Sunday, March 17, 2002

Is Agile Software Development Sustainable?

Agile software development practices are often criticized as being suitable only for small, co-located teams of experts working on modest sized projects. If agile development is truly limited to these perceived boundaries, then it is probably not sustainable. Software development practices must address large projects, multiple geographies, and a general population of developers if they are to become the basis of a thriving new paradigm.

On the other hand, in The Innovator’s Dilemma, [HarperBusiness, 2000], Clayton Christensen notes that all disruptive technologies start by addressing a market which is considered small and “down-market” from existing technologies. So if agile practices are a “disruptive technology” compared to traditional software development processes, then it would be quite in character for them to start by addressing small systems. The questions is, can agile processes grow to address the needs of large systems?

The answer lies in recognizing that the needs of large systems are changing in a way that is best addressed by agile practices. Over the last decade, corporations have tended to use commercially available systems to address more and more information needs. Initially, these systems tended to be monolithic and proprietary, but this is changing. Corporations have found that any monolithic system, even one which is commercially supplied, rapidly becomes a legacy system as new technologies combine with mergers to obsolete any system that cannot adapt to change.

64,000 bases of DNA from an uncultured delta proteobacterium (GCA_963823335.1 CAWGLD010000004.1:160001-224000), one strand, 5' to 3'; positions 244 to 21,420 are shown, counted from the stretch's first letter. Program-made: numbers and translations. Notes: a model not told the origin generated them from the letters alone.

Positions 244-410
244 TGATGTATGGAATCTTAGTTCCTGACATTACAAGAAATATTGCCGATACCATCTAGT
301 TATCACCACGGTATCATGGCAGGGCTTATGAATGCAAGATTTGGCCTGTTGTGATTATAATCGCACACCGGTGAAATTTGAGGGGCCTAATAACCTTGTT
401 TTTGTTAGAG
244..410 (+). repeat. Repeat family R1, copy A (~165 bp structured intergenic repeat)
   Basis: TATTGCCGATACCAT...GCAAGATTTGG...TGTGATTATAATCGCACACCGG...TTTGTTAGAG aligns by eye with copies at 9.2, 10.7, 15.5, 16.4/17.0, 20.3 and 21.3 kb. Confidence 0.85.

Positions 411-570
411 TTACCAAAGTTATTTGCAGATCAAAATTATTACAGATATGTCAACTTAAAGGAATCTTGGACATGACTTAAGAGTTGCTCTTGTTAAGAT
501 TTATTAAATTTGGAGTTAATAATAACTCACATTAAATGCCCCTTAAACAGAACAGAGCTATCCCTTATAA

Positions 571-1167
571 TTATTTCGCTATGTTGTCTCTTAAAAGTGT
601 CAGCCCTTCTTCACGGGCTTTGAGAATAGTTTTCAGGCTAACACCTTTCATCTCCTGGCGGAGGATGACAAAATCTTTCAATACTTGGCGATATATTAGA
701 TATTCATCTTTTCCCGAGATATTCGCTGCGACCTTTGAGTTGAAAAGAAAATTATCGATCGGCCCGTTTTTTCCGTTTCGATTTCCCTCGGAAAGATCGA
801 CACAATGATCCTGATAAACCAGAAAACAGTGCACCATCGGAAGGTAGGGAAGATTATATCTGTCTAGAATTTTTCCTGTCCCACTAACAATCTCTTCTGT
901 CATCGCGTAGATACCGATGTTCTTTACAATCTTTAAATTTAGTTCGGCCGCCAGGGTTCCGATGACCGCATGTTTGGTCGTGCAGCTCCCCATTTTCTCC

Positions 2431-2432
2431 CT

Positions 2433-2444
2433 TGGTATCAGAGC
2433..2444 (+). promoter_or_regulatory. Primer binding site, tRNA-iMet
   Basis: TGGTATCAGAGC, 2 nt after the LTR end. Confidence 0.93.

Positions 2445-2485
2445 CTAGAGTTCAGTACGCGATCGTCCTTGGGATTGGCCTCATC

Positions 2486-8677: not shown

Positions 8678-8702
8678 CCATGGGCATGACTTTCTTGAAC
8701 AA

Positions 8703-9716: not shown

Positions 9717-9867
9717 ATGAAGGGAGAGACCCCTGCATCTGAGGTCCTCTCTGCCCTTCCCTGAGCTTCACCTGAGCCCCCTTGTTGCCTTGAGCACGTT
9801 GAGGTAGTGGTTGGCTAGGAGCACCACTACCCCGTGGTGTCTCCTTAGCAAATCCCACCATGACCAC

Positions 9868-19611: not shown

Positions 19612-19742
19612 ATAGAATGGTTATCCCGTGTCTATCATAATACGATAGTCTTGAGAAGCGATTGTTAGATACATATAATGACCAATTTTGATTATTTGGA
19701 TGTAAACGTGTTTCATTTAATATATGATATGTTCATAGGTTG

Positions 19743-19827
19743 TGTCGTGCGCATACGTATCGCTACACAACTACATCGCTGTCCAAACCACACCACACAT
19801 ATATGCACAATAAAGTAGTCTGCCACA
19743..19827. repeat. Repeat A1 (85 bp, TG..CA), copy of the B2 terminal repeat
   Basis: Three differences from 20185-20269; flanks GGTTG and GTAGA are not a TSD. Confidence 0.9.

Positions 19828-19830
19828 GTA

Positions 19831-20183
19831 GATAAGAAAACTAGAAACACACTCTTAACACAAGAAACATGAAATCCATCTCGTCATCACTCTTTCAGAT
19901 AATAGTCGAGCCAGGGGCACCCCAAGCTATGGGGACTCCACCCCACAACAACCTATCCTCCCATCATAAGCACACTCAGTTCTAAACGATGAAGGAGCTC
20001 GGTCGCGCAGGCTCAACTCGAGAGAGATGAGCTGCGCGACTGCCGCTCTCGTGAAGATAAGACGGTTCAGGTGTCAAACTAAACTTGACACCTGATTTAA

The result has been a tendency for developers of large systems to prefer the use of commercially supplied components, from API’s to Web Services, for a sizeable portion of any application. In Building Systems from Commercial Components, [Addison-Wesley, 2001] Kurt Wallnau and coauthors point out that large systems cannot be built from software components using traditional development processes. The marketplace in which component vendors compete dictates that components are complex, they change frequently, and customers pretty much have to take whatever is offered.

System development in the component marketplace is distinctly different from traditional software development. To begin with, one does not start by capturing user requirements, but by understanding the capabilities of available components. The challenge is to bring the user requirements into line with available software, rather than the other way around. System architecture is generally dictated by the available components and the key architectural task is to create an ‘ensemble’ of components that work well together. Finally, designing a system to be able to deal with unpredictable change is a fundamental skill when working with commercial components. If nothing else is certain, the fact that these components will constantly change can be guaranteed.